Day Around Bell Mountain July 29, 2017

What a difference 24 hours makes. My hike on the Chubb trail was Thursday and it was hot and humid, Friday remained the same, but Saturday started cool and clear. Joe had invited me to our weekly 50 something unemployed meeting (hiking a trail) and I was eager to accept. He wanted to work out his uphill stamina for Glacier and that means one place- Bell Mountain.
we have been there literally dozens of times, but don't really do it in the summer so it did look completely different all leafed out. The temps were in the high 60's to start.

Forgive me if some of the photos are the same ones as I have taken many times on this loop, but I like coming here, so here goes

We hit the trail right at 8 am. This is also part of the Taum Sauk section of the Ozark Trail and there as been this very useful plaque up at the beginning of the trail for quite some time. I like these very much.

The first section tops out at this overlook, which didn't have much of a view with all the summer time trees, but it marks the end of the first uphill push from the parking lot.  This is obviously facing west as the sun is rising on the other side of Bell Mountain

Lots of really great small flowers hidden in the grass along the trail today

sun streaming through the trees.

A large section of exposed granite is always a nice place to take a break

End of section 2 is at the Ozark Trail Bell Mountain split. the Ozark Trail continues south while the Bell Mountain trail breaks east

this is my photo this time as more spiders were just mouth high all morning strung across the trail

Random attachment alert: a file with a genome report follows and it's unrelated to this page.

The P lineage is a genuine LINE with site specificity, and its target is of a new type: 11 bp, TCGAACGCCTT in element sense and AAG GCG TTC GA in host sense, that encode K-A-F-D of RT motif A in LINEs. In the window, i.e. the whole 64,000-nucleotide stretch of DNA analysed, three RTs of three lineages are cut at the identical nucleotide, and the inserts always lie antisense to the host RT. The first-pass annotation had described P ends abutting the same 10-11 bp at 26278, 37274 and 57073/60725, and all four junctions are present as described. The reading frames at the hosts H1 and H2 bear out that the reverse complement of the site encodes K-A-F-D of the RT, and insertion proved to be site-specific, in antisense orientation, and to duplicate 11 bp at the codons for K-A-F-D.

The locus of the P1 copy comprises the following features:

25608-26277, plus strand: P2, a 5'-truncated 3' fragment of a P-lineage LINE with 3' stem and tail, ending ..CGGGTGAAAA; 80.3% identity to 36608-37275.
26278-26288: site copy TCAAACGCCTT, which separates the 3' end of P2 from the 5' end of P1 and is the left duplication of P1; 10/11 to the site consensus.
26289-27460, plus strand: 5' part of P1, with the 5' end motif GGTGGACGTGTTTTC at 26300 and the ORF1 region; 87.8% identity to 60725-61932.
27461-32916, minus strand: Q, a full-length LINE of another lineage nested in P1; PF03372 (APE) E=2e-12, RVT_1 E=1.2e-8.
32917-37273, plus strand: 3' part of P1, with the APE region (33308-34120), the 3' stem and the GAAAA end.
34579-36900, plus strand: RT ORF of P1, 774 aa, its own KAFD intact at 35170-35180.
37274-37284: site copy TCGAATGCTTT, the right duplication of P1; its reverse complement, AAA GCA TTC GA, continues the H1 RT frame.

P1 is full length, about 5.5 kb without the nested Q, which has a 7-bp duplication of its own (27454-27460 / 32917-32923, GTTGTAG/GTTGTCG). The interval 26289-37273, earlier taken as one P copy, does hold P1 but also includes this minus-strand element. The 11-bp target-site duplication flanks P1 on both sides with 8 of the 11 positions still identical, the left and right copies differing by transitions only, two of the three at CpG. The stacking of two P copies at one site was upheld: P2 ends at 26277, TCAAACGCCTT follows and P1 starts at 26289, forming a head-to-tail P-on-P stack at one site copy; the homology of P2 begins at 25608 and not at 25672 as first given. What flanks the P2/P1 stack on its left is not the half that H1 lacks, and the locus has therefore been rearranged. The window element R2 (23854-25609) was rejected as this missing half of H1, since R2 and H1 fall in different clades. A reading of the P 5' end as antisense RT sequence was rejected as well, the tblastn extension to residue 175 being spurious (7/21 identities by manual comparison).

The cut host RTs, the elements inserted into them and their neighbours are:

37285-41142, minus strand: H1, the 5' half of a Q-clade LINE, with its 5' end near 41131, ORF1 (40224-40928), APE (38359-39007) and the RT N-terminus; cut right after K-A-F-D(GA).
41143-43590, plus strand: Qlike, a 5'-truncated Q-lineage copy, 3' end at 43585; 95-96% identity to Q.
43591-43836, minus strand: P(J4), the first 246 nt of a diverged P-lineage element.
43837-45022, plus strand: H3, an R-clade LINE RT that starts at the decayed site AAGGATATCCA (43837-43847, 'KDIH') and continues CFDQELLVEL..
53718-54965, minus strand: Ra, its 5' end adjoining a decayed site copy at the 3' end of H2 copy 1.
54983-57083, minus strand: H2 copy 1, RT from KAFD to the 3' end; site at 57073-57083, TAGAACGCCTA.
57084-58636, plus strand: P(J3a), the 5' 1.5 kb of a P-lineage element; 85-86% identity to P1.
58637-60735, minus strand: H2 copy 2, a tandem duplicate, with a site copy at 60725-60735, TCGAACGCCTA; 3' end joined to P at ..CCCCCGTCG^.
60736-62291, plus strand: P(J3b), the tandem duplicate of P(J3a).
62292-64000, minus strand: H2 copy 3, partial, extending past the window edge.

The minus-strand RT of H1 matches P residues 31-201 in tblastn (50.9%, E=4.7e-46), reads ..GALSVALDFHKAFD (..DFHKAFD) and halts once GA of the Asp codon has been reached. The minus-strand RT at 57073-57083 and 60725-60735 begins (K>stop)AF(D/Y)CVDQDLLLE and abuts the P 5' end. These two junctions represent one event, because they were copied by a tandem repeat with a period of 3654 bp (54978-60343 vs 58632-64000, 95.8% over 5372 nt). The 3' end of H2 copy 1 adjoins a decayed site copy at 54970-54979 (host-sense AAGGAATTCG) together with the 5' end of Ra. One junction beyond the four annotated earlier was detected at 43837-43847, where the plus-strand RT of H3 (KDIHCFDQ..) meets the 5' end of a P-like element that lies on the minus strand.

this is a Micrathena gracilis from the orb weaver family. They look like they have sea shells on their bodies 

Joe kept a very brisk pace taking his hill training seriously. We averaged about 3 miles per hours for the whole 12 miles. 

High Point marker on top of Bell Mountain. For those that have never been able to find it... it is under where the old fire lookout tower used to be 

Not much of a view today from the top of Bell Mountain, but lots of very nice clouds

Snack at the top was a cheese, onion and potato pasty from London Calling in Springfield Mo. 

Our usual spot on the top of Bell looks pretty used. Someone has broken off the excellent rock bench on the right and the fire ring has been damaged

A bit further along the rim there was a bigger opening to get some views of the valleys below.

I spotted the biggest lizard I have ever seen sunning himself on a rock. He changed color to try and blend in to the granite he was sitting on.

Loop completed and heading back out. Joe and I back on the Ozark Trail portion of the trail 

a mile and half from the parking lot, or the same from the end, this spring has always had water in it every time I have been here, except today it was bone dry. This is usually the only reliable source of water except for Joe's Creek at the bottom of the loop hike, which did have water in it today. 

12 miles in about 5.5 hours. Not bad, but we need more time to really get ready for 60 miles in Glacier at the beginning of September, but with any luck we will both be ready.

Chubb Trail July 27 2017

The Chubb trail is the connector trail that runs between West Tyson Park and Lone Elk park. These parks are between Hwy 141 and Hwy 109 off  Hwy 44 in St.Louis County. Lone Elk park is known for its herd of Elk that populate the park. I have always wanted to hike these trails, but being so close to home I think I just ignored them in favor of trails further way. (if it is farther from home it must be better, right?). Having some time on my hands, I decided to do this on a Thursday morning as I knew I was likely to be the only one out there and I was. It rained the night before so I also knew the trail was likely to be muddy as parts of it follow right beside the Meramec River.

 The Trail below shows the start and stop for the day. This was an out and back, so I covered the same trail coming back, but it always looks different to me going in the opposite direction

As I suspected I was the only one at the trail head at 9:30 am on a Thursday
the weather was typical Missouri summer weather. It had rained last night and that only served to increase the humidity. It was overcast with some light drizzly rain. 

 The trail starts out steep